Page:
Whatever its relation to the physical body it is generally agreed that mind is that which enables a being to have subjective awareness and intentionality towards their environment, to perceive and respond to stimuli with some kind of agency, and to have consciousness, including thinking and feeling (see here for reference).
The model of decision making I am proposing has the following feature: when we are faced with an important decision, a consideration-generator whose output is to some degree undetermined produces a series of considerations, some of which may of course be immediately rejected as irrelevant by the agent (consciously or unconsciously) […] (Dennett, D., 1981).
I contend that the agency in the Wikipedia quotation and the agent in Daniel Dennett’s (1981) passage are one and the same and are what I have called ‘ego’. There may well be a large number of objections to a statement like this but there hasn’t been much agreement about what is ‘mind’ (as in the first quote) or Dennett’s ‘agent’ in the second, since Descartes. And finding the seat the ‘true self’ behind the ego is so far just a pipe dream in social psychology, psychotherapy, philosophy or the neurosciences. One person’s conjecture is another’s false hypothesis.
I have been supporting a young boy in his final year in school here in Tanzania. He was an orphan in his village, one of many. Life in Africa is much more precarious than in the west. As he grew up in a village with no cars, he developed no road sense. When we took him into town for the first time he was afraid to cross the road. He didn’t know how to, with cars coming in both directions. He was unable to judge speed and distance. Recently as he got out of a bus he absentmindedly crossed the road from behind the bus and walked straight into oncoming traffic. He was in a coma for 4 weeks, waking up occasionally but showing few signs of improvement. He only partially woke up for a further 4 weeks. He was diagnosed with severe brain stem injury. With no CT scanner at the local hospital, a more precise diagnosis was not possible and the distance he would need to travel to get a CT scan here would have been too dangerous for him. With brain stem injury (non-specific) some of his involuntary functions were affected – functions such as breathing (he needed oxygen in the first three weeks), body temperature maintenance (he would sweat regularly), ability to assimilate oxygen from the blood, blood pressure (constantly monitored) and more. Brain stem also affects wakefulness or ‘switched-on-ness’ if I read it right (see here for reference) and hence the initial coma.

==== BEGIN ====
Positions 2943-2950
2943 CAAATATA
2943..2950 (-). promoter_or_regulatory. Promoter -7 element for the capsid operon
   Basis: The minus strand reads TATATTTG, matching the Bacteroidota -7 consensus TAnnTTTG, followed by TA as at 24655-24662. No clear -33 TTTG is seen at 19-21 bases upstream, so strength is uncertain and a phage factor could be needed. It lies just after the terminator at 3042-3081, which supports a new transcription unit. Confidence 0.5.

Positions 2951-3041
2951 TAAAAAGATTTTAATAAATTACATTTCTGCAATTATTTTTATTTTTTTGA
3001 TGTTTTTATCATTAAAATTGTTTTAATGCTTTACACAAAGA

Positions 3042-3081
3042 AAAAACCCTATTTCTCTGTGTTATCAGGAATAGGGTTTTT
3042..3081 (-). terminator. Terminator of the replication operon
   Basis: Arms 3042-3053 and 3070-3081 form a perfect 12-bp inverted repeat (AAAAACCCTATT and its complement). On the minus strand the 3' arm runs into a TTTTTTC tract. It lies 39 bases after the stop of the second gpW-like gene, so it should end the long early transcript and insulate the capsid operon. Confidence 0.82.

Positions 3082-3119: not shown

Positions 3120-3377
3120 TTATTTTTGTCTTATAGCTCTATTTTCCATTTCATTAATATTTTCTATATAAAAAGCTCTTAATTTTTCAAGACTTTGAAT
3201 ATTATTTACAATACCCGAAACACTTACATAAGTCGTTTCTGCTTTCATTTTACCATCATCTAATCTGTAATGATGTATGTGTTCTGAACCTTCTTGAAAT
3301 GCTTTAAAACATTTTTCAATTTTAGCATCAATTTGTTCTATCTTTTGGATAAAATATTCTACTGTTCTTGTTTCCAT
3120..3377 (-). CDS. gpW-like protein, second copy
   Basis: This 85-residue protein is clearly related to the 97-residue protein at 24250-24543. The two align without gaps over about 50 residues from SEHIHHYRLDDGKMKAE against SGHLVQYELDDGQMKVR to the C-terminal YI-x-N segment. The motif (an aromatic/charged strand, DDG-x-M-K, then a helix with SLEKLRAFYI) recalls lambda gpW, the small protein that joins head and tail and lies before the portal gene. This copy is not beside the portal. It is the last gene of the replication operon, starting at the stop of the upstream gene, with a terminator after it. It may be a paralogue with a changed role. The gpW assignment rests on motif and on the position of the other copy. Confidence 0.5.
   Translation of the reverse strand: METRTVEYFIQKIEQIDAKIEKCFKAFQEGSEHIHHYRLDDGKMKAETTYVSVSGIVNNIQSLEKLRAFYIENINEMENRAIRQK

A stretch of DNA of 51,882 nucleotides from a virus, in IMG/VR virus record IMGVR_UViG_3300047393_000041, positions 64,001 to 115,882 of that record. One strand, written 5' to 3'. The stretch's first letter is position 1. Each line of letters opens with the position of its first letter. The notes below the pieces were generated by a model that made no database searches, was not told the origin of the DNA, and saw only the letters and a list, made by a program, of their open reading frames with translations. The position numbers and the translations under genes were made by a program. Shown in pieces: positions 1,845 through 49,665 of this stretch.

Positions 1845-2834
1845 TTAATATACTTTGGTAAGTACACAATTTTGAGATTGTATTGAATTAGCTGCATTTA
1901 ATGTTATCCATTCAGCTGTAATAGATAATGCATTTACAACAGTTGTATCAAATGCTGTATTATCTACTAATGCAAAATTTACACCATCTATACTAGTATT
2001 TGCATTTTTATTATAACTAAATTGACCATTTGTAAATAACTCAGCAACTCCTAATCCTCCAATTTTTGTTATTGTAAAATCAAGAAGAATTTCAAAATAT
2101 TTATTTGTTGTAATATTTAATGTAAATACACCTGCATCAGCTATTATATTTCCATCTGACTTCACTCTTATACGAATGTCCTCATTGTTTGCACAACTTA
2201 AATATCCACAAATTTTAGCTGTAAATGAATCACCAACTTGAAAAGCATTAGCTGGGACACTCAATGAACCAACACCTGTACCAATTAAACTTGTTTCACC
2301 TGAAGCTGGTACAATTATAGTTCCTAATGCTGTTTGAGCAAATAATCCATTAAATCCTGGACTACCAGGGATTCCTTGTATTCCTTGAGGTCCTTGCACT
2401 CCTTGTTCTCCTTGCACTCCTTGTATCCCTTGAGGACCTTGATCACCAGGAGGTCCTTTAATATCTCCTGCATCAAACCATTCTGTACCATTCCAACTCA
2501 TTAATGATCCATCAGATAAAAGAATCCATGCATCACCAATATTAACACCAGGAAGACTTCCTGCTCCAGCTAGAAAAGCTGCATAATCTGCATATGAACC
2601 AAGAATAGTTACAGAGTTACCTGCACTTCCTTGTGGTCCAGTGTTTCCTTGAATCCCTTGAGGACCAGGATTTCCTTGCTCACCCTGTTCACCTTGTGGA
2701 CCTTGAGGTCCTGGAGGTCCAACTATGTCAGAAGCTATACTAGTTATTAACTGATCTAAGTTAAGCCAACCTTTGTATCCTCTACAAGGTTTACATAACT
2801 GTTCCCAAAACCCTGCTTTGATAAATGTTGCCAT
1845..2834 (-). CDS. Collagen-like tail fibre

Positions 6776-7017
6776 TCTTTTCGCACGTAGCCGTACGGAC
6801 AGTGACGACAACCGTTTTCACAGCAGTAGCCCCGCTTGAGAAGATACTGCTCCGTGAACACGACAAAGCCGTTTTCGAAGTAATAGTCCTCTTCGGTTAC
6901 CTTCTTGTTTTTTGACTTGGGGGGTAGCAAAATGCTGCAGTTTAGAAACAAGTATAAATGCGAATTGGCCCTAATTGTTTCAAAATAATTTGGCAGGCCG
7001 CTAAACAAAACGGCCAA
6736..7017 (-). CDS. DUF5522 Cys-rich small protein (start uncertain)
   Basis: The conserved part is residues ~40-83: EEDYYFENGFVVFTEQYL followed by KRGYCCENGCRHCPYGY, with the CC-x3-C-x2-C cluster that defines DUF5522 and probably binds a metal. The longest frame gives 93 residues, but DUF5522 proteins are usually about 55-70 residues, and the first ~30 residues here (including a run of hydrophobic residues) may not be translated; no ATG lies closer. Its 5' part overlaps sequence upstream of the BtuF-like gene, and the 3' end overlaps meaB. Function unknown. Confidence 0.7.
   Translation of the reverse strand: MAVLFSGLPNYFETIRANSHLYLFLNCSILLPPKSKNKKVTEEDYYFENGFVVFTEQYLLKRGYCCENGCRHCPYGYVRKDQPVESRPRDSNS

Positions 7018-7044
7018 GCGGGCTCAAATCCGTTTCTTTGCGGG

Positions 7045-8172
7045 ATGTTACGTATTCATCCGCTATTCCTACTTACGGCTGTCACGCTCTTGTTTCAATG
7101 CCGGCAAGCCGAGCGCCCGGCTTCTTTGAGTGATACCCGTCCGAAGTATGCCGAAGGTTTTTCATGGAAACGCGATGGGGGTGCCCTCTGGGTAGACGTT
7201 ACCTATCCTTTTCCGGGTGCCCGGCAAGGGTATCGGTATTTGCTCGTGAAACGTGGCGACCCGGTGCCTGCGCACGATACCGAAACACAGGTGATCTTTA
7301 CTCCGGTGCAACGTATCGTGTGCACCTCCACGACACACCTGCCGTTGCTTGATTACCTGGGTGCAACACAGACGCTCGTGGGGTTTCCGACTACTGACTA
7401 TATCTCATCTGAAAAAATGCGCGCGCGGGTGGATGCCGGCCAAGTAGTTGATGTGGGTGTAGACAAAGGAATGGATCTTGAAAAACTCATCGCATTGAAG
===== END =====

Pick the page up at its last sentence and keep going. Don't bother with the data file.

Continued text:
We could say from this that the brain stem harbours our activation centre – the seat of our computer POST. POST is what happens when you first switch on a computer – the ‘Power-On-Self-Test’:
POST includes routines to set an initial value for [input] and output signals and to execute internal tests, as determined by the device manufacturer. These initial conditions are also referred to as the device’s state (see here for reference).
If we consider the importance of the brain stem to our most basic functions, and that it acts as a conduit between inputs and outputs, we could say that our ego, or who we think we are, is a manifestation of brain stem activity. When adverse inputs come in through our senses our brain stem initiates appropriate reaction. It even reacts before we are conscious of the need to react. It may be who we think we are but it is, in fact, only a reactor and motivator. If the brain stem is inactive or damaged, as with my young student, then the ego may emerge but the person himself may not ‘wake up’. Communication between ego and ‘person’ may not resume even though his POST tests were successful. Indeed this was the case. After 4 weeks in a coma the patient only partially ‘woke up’. He was obviously alive, conscious and reacting to stimuli such as aggressive gestures but he himself (as we knew him) never re-emerged. He died 8 weeks after the accident.
In the London underground you often hear the phrase “Mind the Gap” alerting you to guard against tripping over the gap between the train and the platform edge. Why use the word ‘mind’ – a peculiar English command. In translation it means ”engage your mind (brain stem, senses, motor control as well consciousness) to be watchful when boarding or alighting from the train so that you don’t trip over the gap”. My student would have benefited from such a command before crossing the road.